Latest Blog Posts

by G. Christopher Williams

16 Apr 2012

This week, the Moving Pixels podcast considers their personal picks for the top five arcade games of all time. 

In doing so, we look back to the arcade and the various spaces that game cabinets existed to occupy our time and extract our quarters. What is the place of the arcade machine in the history of a gamer culture, a culture that has largely moved towards home consoles rather than remained gaming in public spaces?

by G. Christopher Williams

9 Apr 2012

Part parody, part loving homage to the Silver Age of comic books, Freedom Force was the best superhero video game that we played before the advent of Arkham.  This episode, the Moving Pixels podcast turns back the clock to revisit a title by Irrational Games that really holds up despite its age.

by G. Christopher Williams

2 Apr 2012

Having spent last week discussing the manner in which our personal playthoughs have affected our sense of Mass Effect on the whole through the series’s seemingly consequential storytelling, this week we move on to a discussion of Mass Effect 3 more specifically.

We begin at the end by discussing the controversy surrounding the game’s ending and the notion of requesting (or demanding) that some changes might be in order to a game in which player choice has always seemed to be of some importance to the developer.  However, we also get into the game as a whole, considering some of the other moments that mattered to us in the trilogy’s concluding 40 hours.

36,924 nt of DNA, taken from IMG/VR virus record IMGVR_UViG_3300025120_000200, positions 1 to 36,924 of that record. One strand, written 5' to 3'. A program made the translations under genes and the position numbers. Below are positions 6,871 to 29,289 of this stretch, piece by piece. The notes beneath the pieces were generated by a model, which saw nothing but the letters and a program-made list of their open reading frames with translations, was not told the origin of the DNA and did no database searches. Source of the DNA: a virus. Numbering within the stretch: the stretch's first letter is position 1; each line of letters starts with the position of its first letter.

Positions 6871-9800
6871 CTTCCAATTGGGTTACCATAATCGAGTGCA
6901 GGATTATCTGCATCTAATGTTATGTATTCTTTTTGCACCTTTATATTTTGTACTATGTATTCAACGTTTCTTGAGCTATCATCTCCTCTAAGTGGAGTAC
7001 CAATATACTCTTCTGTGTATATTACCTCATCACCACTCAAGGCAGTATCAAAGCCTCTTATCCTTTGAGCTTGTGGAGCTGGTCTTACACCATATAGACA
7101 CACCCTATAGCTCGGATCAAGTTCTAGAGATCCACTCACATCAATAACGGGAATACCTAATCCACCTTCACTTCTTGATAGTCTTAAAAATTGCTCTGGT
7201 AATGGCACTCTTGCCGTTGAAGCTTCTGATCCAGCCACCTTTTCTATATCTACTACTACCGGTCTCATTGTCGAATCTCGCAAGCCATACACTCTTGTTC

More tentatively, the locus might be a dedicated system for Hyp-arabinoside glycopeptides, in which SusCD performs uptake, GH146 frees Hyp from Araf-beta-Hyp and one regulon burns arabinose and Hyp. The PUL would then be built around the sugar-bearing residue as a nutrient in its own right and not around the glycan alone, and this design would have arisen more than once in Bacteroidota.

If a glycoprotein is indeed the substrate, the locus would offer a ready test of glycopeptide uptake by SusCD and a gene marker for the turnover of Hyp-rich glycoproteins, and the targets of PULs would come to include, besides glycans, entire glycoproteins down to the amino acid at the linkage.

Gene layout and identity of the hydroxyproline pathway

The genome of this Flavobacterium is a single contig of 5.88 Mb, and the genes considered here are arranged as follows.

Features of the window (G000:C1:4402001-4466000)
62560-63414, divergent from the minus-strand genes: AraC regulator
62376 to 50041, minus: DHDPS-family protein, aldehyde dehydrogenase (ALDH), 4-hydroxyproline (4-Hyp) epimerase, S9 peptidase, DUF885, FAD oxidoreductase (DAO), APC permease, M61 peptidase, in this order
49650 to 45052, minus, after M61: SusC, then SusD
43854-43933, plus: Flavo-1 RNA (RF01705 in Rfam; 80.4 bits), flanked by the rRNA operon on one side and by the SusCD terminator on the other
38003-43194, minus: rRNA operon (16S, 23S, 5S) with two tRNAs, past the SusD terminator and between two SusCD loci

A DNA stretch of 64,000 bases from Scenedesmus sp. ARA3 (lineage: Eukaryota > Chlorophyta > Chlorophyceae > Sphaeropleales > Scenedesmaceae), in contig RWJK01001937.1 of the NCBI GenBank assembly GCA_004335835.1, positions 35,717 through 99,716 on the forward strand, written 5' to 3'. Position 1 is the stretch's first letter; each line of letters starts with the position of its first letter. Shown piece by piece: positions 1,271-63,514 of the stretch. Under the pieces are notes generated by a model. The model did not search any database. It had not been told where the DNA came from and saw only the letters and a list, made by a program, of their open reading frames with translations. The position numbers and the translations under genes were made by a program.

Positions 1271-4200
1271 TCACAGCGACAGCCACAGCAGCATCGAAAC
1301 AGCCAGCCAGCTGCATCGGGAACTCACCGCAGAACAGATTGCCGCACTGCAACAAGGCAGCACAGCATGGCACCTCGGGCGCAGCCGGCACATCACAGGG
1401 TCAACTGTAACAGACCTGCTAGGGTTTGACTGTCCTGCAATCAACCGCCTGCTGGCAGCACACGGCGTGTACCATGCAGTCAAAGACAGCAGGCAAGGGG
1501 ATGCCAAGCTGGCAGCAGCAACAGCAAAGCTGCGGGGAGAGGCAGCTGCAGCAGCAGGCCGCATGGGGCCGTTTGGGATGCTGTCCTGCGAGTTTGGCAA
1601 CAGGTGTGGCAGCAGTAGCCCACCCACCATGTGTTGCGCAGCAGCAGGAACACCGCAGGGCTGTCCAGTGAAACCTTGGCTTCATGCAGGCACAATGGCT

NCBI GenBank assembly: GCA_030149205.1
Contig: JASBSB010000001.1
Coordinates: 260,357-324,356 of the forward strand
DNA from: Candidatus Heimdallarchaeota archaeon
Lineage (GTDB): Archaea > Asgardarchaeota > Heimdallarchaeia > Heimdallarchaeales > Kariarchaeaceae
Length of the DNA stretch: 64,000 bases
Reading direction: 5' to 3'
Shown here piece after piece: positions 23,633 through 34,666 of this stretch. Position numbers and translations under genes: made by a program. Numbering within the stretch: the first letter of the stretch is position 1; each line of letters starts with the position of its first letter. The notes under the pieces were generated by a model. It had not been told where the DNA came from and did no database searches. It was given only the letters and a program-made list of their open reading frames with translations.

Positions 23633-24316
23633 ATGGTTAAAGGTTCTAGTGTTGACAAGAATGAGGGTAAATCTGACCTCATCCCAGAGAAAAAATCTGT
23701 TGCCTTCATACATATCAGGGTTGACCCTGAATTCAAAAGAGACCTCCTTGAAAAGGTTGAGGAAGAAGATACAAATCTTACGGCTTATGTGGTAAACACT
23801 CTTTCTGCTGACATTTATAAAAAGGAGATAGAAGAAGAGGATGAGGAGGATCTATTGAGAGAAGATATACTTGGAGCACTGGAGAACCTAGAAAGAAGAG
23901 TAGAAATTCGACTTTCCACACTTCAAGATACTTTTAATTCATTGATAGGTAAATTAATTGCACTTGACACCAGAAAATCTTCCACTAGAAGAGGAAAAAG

by G. Christopher Williams

26 Mar 2012

Last week our podcast crew had all only gotten started playing through Mass Effect 3, so the three of us got together to discuss our initial impressions of the game as well as how we have played through the trilogy.

So, this week’s podcast concerns our sense of the significance of how the ability to carry over story data from one game to the next affects the way we play the game and how much control we assert over getting “our” Mass Effect experience just right.

by G. Christopher Williams

19 Mar 2012

Stoic lone gunmen?  Check.

Delicate and sensitive female healer?  Check.

Rogue with a heart of gold?  Check.

Video games, like most media, draw on some fairly stock types to build their characters.  However, since so much of games’ plots and characterization just feel tacked on in spots, sometimes these stock types remain just that—never given the opportunity to grow as characters that we can relate to or representing ideas that we might, likewise, relate to.

Archetypal characters and stereotypical ones populate games, and it may be a fine line that developers walk between characters that personify an idea and characters that are merely simplistic placeholders for more legitimately developed ideas.

//Mixed media

Because Blood Is Drama: Considering Carnage in Video Games and Other Media

// Moving Pixels

"It's easy to dismiss blood and violence as salacious without considering why it is there, what its context is, and what it might communicate.

READ the article